What happens to my house if I die without a will?

There are a number of rules which apply to how your home will be dealt with if you die without a will. What happens will depend on how you own the property:

As sole owner:

If you are the sole owner of the property, without a will your property would form part of your estate and be distributed according to the rules of intestacy.

As a tenant in common:

If your home is owned on a tenants in common basis with someone else your share of the property will form part of your estate. Again, without a will, that share will be distributed according to the rules of intestacy.

As a joint tenant:

If you own the property as a joint tenant with someone else, your share of the property will automatically transfer to the other surviving owner. They will then have full ownership and responsibility for the property. This is the case whether or not you have a will.

Intestacy rules

If you die without leaving a will, then the state decides how your estate (money, property, personal processions etc.) is distributed, using their intestacy rules. These rules are thought by many to be old fashioned and more often than not will not reflect what you would have wanted to happen and can mean that key people such as your partner could be excluded.

The rules used can be complicated, but here are some of the highlights:

  • Currently if you are married or in a civil partnership, your partner will get the first £250,000 of your estate and all your possessions, no matter what their value is. The remainder will then get split equally between your surviving partner and any children.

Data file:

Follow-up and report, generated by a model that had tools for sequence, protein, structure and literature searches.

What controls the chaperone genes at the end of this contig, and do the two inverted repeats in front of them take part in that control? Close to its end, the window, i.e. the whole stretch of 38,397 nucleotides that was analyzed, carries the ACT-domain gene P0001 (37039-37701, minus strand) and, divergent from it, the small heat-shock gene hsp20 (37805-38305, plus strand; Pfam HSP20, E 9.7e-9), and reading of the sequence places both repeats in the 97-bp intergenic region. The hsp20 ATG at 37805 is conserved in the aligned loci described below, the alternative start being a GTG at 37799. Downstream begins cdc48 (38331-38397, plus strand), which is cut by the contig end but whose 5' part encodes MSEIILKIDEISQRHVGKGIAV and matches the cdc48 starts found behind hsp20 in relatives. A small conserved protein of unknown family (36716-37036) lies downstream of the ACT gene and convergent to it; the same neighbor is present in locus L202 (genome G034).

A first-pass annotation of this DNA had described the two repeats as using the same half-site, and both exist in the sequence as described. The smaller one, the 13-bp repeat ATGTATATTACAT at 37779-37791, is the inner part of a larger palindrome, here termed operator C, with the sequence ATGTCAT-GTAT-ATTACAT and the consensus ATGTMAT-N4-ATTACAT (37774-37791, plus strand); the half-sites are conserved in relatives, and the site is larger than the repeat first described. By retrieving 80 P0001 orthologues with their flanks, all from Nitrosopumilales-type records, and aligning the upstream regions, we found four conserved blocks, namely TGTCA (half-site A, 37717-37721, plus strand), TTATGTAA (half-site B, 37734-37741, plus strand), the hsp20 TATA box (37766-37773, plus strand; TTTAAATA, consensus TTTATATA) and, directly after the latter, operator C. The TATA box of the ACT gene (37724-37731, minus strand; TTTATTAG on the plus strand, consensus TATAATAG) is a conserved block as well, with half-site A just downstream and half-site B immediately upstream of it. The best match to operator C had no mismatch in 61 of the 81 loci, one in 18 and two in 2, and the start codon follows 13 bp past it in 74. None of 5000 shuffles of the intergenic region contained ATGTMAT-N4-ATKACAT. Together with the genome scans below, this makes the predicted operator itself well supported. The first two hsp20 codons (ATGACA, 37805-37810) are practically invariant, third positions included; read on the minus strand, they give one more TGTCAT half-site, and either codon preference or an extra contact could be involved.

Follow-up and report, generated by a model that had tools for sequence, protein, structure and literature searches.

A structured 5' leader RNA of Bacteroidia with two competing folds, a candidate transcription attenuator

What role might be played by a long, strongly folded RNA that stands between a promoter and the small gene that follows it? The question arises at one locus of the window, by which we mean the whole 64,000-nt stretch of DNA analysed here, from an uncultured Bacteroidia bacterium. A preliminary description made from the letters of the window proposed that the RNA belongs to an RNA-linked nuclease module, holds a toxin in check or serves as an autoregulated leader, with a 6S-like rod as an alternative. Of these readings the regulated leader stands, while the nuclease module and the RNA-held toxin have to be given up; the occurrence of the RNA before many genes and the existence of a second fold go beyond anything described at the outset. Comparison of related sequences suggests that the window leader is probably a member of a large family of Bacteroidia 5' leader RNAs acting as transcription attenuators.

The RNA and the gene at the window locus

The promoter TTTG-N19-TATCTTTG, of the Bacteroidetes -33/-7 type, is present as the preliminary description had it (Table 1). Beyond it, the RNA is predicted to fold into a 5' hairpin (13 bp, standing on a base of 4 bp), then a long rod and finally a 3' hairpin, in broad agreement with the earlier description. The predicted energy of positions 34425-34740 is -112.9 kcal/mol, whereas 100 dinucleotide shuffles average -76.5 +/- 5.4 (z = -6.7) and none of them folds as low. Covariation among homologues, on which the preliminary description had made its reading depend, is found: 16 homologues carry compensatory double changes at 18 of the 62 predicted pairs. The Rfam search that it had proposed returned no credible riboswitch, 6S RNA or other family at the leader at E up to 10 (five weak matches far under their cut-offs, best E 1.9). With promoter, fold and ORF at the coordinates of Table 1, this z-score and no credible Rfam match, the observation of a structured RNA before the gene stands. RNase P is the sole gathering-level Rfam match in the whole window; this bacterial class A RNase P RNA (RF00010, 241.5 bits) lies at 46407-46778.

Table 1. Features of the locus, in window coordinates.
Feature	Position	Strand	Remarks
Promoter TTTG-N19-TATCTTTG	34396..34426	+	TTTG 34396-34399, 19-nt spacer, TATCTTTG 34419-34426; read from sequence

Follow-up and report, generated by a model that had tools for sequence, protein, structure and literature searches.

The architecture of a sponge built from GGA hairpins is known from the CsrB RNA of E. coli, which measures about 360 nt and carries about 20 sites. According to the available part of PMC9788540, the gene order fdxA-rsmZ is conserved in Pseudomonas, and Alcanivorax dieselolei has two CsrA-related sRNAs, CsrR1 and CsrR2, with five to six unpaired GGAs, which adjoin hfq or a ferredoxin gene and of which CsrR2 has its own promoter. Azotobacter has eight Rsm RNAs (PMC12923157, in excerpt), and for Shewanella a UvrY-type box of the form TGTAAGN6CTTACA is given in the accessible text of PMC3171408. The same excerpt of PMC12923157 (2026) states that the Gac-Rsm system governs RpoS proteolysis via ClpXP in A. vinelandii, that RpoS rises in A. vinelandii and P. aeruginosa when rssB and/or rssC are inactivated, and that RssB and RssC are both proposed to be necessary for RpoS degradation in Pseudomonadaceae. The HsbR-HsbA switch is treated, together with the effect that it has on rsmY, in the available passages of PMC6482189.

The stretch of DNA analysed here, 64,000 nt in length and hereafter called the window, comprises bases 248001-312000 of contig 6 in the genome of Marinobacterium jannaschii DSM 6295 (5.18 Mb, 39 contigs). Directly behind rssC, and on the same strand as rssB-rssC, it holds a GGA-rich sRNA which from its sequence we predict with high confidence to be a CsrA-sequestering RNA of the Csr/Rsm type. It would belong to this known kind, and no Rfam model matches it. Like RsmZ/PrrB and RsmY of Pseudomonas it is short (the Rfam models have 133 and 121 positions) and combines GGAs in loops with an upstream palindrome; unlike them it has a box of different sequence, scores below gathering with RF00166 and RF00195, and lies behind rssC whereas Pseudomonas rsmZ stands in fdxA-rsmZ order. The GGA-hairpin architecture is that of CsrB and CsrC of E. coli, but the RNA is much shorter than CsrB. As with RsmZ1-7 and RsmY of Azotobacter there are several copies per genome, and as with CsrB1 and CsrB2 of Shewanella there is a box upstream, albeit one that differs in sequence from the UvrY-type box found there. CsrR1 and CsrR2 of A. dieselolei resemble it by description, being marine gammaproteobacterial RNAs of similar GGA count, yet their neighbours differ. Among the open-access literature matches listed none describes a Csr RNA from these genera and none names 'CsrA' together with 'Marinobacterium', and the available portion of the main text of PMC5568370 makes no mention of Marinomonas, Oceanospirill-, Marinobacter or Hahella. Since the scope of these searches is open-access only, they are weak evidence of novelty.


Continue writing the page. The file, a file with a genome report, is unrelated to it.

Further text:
• If you are not married or in a formal civil partnership your partner will get nothing. The same applies if you are in a common law relationship. Instead your estate will be distributed according to a pre-set hierarchy of blood relatives.
  • If you have been married, got separated, but not divorced your ex could still inherit as if you were married.

When there isn’t a will the whole process of administering and distributing an estate becomes much more complicated and long-winded.

The best way to make sure your estate goes to those you want it to go to when you die is to make a will. Not only will it ensure that no one is left out, but it will make things much easier for those you leave behind. We’ve made it all so simple for you to do, so if you haven’t got round to making yours yet, don’t put it off any longer, give us a go and you could have it sorted in no time at all.